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Health insurance for Malaysia

Malaysia has a highly rated health care system, particularly in larger cities like Kuala Lumpur, with a WHO ranking of 49 for Overall Health System Performance.

Facilities in more rural areas may be below the standard of city hospitals.

Trying to establish itself as a medical tourism destination, the country offers high-quality health care for locals and expatriates alike. Many doctors, particularly in areas such as cardiology, ophthalmology, and gastroenterology — as well as plastic and general surgery — are leaders in their field. Pharmacies are widespread and can be found in most shopping centres and are well stocked — for some medications you will not even need a prescription. If you are travelling with prescription medication, bear in mind that Malaysian Customs allow you to carry only one-month’s worth of meds with you. Further information can be found on the Ministry of Health Malaysia website, or you can contact them at

Malaysia does not have a national health insurance scheme, but in 2011 the government introduced the Foreign Worker Hospitalisation and Surgical Insurance Scheme, making it mandatory for foreign workers to have medical insurance. There is a mixture of government and private health care available, with standards high across both. Foreign employees are expected to cover the fees, and in return are granted a fixed amount of health care per year in government hospitals.

Government hospitals have reasonable fees, most doctors speak English, and specialists such as dentists are available for consultation and treatment. All hospitals will require a deposit before treatment can proceed; so comprehensive health insurance is essential. 24-hour accident and emergency departments are accessible in government hospitals, as well as some private ones. Ambulances can be reached on the Emergency numbers 999 or 112.

Whether you prefer access to private health care facilities or government health care facilities, make sure you acquire the appropriate health insurance and ensure your policy covers:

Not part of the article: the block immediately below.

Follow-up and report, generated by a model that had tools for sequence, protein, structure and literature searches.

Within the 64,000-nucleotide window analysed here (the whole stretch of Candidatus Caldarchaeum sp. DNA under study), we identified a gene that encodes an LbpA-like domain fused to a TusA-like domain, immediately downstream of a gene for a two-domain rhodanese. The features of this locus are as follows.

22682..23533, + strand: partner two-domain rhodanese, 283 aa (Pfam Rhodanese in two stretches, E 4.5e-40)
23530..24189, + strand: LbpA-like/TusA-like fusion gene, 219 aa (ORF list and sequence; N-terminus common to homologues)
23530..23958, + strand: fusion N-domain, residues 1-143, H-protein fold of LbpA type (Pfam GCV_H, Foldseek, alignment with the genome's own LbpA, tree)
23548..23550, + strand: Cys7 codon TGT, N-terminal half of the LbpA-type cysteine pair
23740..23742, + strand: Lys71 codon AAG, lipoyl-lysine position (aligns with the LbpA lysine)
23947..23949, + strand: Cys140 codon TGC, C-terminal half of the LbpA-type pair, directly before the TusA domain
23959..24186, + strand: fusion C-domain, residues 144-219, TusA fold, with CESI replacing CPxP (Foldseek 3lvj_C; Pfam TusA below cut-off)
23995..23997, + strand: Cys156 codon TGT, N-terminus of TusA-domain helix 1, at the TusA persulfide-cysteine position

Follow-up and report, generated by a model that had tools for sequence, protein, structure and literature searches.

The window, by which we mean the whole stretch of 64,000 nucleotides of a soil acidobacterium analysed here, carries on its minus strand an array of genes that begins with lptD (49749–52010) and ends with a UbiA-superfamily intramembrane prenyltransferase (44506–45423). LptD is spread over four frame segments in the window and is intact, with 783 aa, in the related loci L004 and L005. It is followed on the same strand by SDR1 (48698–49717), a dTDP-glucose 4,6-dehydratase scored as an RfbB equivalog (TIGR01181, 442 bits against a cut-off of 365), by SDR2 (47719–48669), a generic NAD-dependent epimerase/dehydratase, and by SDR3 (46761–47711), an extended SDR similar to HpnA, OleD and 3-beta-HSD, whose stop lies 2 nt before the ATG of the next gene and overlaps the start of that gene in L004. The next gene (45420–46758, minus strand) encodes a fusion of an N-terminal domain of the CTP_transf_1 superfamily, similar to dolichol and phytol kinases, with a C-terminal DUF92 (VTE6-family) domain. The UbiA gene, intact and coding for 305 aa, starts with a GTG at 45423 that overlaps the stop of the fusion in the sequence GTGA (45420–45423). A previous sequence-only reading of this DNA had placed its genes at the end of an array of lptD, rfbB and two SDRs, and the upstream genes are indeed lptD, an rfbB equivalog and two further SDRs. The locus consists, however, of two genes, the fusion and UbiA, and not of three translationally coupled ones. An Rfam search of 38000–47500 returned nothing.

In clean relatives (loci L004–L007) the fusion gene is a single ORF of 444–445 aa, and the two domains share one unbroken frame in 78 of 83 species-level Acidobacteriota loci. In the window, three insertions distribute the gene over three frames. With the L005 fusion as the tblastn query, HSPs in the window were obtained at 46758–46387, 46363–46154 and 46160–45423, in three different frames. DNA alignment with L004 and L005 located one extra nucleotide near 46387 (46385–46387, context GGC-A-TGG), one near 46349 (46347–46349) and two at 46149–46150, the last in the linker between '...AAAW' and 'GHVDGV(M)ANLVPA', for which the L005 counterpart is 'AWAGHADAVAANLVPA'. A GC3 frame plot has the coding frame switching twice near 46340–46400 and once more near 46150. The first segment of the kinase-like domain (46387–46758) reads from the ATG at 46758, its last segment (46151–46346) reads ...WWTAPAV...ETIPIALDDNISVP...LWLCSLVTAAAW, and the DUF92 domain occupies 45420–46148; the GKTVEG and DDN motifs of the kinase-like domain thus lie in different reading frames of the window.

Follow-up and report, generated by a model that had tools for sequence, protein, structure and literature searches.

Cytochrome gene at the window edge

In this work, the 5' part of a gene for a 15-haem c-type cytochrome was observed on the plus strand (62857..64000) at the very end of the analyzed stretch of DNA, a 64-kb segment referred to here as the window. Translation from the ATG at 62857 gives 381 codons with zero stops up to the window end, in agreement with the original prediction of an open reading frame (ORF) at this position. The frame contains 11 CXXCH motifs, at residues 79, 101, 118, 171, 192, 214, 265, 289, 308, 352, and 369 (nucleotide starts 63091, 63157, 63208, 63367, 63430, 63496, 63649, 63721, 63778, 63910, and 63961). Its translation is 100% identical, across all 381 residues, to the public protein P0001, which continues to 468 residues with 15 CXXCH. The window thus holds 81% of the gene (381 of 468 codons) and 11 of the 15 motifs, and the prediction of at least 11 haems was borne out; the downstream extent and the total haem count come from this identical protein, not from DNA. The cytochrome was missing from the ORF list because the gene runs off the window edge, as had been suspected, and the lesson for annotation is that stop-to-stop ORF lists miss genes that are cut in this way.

• Air ambulance
  • Full medical cover
  • Repatriation

Risks to health

Respiratory problems can arise in Malaysia due to the high levels of air pollution caused by smoke haze, particularly from June-October. You can keep up-to-date with health warnings and advice issued by the Malaysian government.

Dengue fever outbreaks can occur in Malaysia, including in urban areas such as Kuala Lumpur. During the rainy season, and in daylight hours, the risk is increased. A viral infection with flu-like symptoms, Dengue is contracted through the bites of infected mosquitos. It can become fatal, so you should take precautions to avoid insect bites using appropriate nets and DEET-based repellent (reapplied at intervals), as well as wearing long-sleeved clothing (ideally treated with insecticide).

Malaria is a risk in the inland, forested areas of peninsular Malaysia. Use the precautions described above to avoid insect bites or consider anti-malarial medication. Read the ABCD guide to preventing malaria for more information.  

Zika Virus is transmitted by infected mosquitos. See the above Malaria advice for preventive measures, as there is no vaccination or medication available. Cases have been reported since 2009, and while there has been a recent reduction, as of September 2016, a new case of local transmission has been reported in Sabah.

Schistosomiasis is a parasitic infection which travellers can be exposed to during swimming, wading, or washing clothes. The World Health Organisation has suggested that the transmission of Schistosoma larvae may have been interrupted in recent years, meaning the risk to expatriates is relatively small.  

Typhoid has been reported in Malaysia, with 32 cases confirmed in Kuala Lumpur since August 2015. A bacterium transmitted through the handling of food by infected persons, or through sewage, both vaccinations and antibiotics are available.

Yellow Fever is not an infection risk in Malaysia, but if you are arriving from a country with a risk of Yellow fever transmission, you will be required to provide certification

Terrorism is a potential threat in parts of Malaysia, with some areas being high risk. The FCO recommend against travelling to all islands off the coast of eastern Sabah from Kudat to Tawau. Learn more here. 

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